Starvation stress during larval development facilitates an adaptive response in adult worker honey bees (Apis mellifera L.)

Ying Wang, Osman Kaftanoglu, Colin S. Brent, Robert Page, Gro Amdam

Research output: Contribution to journalArticle

19 Scopus citations

Abstract

Most organisms are constantly faced with environmental changes and stressors. In diverse organisms, there is an anticipatory mechanism during development that can program adult phenotypes. The adult phenotype would be adapted to the predicted environment that occurred during organism maturation. However, whether this anticipatory mechanism is present in eusocial species is questionable because eusocial organisms are largely shielded from exogenous conditions by their stable nest environment. In this study, we tested whether food deprivation during development of the honey bee (Apis mellifera), a eusocial insect model, can shift adult phenotypes to better cope with nutritional stress. After subjecting fifth instar worker larvae to short-term starvation, we measured nutrition-related morphology, starvation resistance, physiology, endocrinology and behavior in the adults. We found that the larval starvation caused adult honey bees to become more resilient toward starvation. Moreover, the adult bees were characterized by reduced ovary size, elevated glycogen stores and juvenile hormone (JH) titers, and decreased sugar sensitivity. These changes, in general, can help adult insects survive and reproduce in food-poor environments. Overall, we found for the first time support for an anticipatory mechanism in a eusocial species, the honey bee. Our results suggest that this mechanism may play a role in honey bee queen-worker differentiation and worker division of labor, both of which are related to the responses to nutritional stress.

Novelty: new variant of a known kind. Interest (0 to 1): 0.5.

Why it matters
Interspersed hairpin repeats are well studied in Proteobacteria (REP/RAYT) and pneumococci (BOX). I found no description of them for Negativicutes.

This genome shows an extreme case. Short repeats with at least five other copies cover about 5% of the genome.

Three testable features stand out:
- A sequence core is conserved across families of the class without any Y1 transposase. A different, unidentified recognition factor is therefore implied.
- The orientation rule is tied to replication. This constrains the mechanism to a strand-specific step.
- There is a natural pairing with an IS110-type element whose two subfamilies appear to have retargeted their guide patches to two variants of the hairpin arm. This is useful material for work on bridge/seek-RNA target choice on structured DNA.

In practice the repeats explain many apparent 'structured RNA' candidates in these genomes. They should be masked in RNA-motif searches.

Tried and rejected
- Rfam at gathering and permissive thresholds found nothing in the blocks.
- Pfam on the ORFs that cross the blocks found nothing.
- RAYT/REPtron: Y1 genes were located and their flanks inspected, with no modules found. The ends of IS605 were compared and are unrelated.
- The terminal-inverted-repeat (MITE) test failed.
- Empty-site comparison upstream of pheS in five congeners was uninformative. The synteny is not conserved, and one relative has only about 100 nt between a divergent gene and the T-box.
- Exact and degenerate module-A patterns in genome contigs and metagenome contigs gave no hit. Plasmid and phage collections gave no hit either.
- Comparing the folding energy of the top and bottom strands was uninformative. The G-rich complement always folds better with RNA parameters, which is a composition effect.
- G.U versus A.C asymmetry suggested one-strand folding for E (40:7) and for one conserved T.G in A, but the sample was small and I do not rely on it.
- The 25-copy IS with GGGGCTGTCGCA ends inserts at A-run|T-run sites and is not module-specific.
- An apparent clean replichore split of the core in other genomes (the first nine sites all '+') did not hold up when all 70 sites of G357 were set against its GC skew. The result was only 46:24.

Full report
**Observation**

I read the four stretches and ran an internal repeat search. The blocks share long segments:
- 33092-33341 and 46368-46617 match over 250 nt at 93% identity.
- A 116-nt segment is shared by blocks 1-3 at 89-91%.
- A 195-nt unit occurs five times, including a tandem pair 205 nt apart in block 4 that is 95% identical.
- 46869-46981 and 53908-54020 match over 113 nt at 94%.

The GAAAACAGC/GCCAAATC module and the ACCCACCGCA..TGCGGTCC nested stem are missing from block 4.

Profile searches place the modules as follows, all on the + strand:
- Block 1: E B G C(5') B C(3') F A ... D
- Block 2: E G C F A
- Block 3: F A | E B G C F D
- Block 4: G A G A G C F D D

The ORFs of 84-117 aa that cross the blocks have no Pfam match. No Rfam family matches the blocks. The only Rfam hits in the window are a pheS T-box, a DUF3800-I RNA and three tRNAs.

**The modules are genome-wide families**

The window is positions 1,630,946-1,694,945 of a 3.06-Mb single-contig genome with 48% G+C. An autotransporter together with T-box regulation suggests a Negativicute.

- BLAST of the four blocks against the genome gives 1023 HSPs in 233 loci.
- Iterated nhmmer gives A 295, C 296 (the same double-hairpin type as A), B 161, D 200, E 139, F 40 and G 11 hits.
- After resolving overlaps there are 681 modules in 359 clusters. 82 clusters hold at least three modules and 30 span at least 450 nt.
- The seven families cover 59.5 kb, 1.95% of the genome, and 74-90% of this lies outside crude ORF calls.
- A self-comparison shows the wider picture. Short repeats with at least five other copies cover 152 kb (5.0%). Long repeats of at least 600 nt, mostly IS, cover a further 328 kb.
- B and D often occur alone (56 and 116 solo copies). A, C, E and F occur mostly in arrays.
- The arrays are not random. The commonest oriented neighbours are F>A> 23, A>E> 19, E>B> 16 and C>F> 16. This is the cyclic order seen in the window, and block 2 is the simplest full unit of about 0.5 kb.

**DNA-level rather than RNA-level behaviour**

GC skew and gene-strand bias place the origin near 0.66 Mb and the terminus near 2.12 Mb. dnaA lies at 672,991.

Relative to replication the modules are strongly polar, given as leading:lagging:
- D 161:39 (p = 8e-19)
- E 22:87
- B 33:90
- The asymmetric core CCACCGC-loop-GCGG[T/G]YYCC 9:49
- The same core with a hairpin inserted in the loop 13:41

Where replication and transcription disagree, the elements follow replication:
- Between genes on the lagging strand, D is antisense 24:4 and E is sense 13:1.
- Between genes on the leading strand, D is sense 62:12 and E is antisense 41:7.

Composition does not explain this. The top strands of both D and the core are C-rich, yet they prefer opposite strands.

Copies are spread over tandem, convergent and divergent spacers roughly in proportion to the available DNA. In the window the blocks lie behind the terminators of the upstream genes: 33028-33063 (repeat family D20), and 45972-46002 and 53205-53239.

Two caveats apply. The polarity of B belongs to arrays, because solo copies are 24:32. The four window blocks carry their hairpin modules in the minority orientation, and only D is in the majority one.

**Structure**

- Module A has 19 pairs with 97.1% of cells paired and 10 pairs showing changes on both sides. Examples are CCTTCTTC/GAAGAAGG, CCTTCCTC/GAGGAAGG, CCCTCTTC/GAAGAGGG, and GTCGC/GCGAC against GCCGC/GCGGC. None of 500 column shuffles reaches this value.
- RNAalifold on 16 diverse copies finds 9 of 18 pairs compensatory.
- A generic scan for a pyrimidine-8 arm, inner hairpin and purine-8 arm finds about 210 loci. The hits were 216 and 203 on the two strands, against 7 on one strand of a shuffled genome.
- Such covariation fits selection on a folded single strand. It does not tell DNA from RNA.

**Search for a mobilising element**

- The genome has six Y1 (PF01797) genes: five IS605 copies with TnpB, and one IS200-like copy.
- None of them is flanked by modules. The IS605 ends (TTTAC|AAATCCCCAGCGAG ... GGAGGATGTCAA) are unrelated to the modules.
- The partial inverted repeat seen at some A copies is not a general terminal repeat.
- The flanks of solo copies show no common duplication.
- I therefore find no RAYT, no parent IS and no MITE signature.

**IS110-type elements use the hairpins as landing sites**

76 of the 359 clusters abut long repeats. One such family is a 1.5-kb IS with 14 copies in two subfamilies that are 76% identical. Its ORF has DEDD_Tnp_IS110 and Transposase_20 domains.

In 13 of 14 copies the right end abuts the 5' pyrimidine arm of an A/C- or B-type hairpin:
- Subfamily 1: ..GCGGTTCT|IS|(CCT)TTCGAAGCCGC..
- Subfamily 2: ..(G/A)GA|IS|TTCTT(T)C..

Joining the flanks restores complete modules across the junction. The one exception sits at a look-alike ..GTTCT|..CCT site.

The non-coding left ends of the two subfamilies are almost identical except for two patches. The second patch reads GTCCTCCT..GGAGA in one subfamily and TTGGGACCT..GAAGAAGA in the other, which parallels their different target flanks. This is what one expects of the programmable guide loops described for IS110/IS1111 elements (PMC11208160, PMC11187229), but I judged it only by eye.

Original languageEnglish (US)
Pages (from-to)949-959
Number of pages11
JournalJournal of Experimental Biology
Volume219
Issue number7
DOIs
StatePublished - Apr 1 2016

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Keywords

  • Adaptive response
  • Anticipatory mechanism
  • Division of labor
  • Eusocial species
  • Glucose
  • Glycogen
  • Lipid
  • Nutrition
  • Stress response
  • Trehalose

ASJC Scopus subject areas

  • Animal Science and Zoology
  • Ecology, Evolution, Behavior and Systematics
  • Molecular Biology
  • Physiology
  • Insect Science
  • Aquatic Science

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